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Joe Biden, Oval Office
President Joe Biden arrives at the Oval Office, on Friday, February 17, 2023. Photo credit: Adam Schultz / Flickr (Public Domain)

Decisions like that in North Carolina, and previously in Florida and Tennessee, do nothing to help convince Americans that Joe Biden is a champion of democracy.

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The North Carolina State Board of Elections, following a request from the North Carolina Democratic Party, unanimously voted on Tuesday that President Joe Biden will be the only Democrat on the Tarheel State’s primary ballot this year. 

Ostensibly, the reason for the party’s petition was that Biden is the only Democratic candidate who is seriously campaigning in North Carolina and raising money there. In addition, there are also signature requirements that the president’s challengers had to meet but apparently did not. 

Still, both the party’s request and the board’s decision are bad for Democrats… and democracy. 

One of the big reasons why the party outperformed the GOP in 2022 is that Republicans, and especially their standard-bearer Donald Trump, are viewed as a serious threat to democracy. 

And that is a theme that Biden, should he be the nominee, will certainly run on this fall if he is up against his predecessor in a rematch of 2020.

Obviously, the case against Trump as an anti-democratic force is strong. After losing by 7 million votes, he refused to concede, sowed doubt about the integrity of US elections without presenting any tangible evidence, plotted a coup to stay in power, and sparked an insurrection that led to a violent attack on Congress. 

However, the Democrats are shooting themselves in the foot if they do not run a primary that is viewed as completely above board. 

Decisions like that in North Carolina, and previously in Florida and Tennessee, do nothing to help in that regard. Many progressives already view the Democratic National Convention (DNC) as horribly corrupt for putting its thumb on the scale to help Hillary Clinton win the 2016 nomination against Sen. Bernie Sanders (I-VT), so any action that reinforces that notion may end up hurting Biden in the general election.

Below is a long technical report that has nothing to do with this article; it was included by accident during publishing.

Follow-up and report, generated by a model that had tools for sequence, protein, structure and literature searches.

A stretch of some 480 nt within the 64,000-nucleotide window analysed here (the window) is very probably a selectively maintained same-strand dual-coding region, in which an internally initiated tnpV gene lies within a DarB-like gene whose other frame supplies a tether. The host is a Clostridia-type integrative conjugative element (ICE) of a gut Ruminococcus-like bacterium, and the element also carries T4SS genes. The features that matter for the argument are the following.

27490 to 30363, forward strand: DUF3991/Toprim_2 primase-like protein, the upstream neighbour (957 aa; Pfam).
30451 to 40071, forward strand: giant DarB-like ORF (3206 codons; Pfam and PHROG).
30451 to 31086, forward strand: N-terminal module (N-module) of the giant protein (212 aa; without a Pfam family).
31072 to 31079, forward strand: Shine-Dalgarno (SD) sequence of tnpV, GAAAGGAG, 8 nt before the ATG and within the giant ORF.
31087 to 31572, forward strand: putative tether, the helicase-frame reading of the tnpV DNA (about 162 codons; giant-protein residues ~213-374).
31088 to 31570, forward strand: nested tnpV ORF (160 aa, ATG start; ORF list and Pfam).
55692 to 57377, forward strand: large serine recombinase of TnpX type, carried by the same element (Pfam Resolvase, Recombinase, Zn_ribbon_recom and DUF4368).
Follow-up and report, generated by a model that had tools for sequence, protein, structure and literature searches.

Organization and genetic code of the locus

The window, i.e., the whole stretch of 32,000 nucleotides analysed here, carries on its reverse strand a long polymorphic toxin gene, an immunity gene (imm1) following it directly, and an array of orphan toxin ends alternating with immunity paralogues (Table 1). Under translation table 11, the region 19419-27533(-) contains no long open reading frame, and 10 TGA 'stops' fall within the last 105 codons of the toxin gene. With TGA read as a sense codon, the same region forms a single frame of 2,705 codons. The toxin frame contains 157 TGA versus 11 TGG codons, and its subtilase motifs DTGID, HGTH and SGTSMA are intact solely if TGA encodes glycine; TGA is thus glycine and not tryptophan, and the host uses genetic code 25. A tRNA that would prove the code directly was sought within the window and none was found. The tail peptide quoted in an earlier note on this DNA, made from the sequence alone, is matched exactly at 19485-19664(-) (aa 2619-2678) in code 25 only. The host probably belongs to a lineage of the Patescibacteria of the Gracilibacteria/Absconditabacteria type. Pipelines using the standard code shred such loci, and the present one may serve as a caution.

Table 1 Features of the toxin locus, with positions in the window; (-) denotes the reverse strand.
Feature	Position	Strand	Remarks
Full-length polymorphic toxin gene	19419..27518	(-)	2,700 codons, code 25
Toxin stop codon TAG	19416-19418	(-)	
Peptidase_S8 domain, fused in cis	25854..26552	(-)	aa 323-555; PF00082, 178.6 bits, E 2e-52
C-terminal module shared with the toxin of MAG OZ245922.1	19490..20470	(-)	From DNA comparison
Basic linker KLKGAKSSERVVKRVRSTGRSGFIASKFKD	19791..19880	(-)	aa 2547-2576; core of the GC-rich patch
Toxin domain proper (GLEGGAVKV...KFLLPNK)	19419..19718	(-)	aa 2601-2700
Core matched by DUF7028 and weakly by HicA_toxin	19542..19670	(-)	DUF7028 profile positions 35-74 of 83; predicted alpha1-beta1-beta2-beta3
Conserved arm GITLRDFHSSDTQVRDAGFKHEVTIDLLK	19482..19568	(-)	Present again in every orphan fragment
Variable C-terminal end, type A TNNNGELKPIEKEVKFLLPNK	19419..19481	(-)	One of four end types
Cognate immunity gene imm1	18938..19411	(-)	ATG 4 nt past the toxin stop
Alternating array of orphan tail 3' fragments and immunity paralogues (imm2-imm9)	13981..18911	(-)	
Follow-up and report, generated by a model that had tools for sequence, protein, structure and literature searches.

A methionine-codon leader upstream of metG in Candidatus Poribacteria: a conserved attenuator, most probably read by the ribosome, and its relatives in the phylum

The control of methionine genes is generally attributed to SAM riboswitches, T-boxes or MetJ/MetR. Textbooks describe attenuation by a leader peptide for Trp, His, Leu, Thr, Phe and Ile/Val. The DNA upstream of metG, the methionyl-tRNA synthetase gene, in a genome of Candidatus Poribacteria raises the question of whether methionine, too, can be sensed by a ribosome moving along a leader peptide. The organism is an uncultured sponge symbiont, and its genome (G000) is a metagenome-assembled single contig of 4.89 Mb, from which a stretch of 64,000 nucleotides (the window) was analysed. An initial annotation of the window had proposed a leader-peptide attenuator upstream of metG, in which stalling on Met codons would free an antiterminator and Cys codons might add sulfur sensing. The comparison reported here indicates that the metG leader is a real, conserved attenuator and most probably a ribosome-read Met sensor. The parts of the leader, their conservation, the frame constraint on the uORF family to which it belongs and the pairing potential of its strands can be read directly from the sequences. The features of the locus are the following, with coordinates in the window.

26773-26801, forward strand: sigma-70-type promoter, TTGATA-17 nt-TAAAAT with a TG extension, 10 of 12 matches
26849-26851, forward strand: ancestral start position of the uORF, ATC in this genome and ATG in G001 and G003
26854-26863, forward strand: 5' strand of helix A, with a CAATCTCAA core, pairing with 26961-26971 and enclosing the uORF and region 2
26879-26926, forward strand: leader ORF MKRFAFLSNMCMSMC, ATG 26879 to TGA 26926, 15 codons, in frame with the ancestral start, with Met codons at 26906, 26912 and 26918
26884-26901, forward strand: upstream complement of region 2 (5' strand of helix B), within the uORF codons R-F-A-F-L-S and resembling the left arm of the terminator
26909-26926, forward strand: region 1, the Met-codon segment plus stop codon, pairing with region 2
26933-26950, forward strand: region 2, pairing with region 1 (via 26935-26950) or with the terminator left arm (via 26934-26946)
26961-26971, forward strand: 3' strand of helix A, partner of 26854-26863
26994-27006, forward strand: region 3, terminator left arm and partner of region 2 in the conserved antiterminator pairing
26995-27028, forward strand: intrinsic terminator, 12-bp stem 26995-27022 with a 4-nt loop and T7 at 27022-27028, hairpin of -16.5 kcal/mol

It’s also completely pointless. Barring unforeseen circumstances, there is no doubt that the president will be the party’s nominee, so there is no harm in allowing other candidates to run against him in the primary… even if they did not meet all requirements. 

None of his challengers are a threat to him at all. What is, however, is diluting the message that he is a champion of democracy when his party is keeping other names off primary ballots in a closely contested state like North Carolina. 

That is a narrative that could end up costing votes when it matters.

Look no further than the scathing response from Marianne Williamson, who is also running for the Democratic nomination. 

She accused the state party of “circumvent[ing] democracy,” adding that the “crisis of Democracy in our nation is institutional.” Finally, Williamson argued that the “decision to protect political parties instead of voters is a failure to protect democracy itself.”

It’s tough to argue with that. 

The smart move for Biden would be to try to intervene and advocate that his rivals be placed on the ballots in North Carolina, Florida, and Tennessee after all to show he is not just paying lip service to democracy.



Author

  • Klaus Marre

    Klaus Marre is a writer, editor, former congressional reporter, and director of the WhoWhatWhy Mentor Apprentice Program. Follow him on Twitter @KlausMarre.

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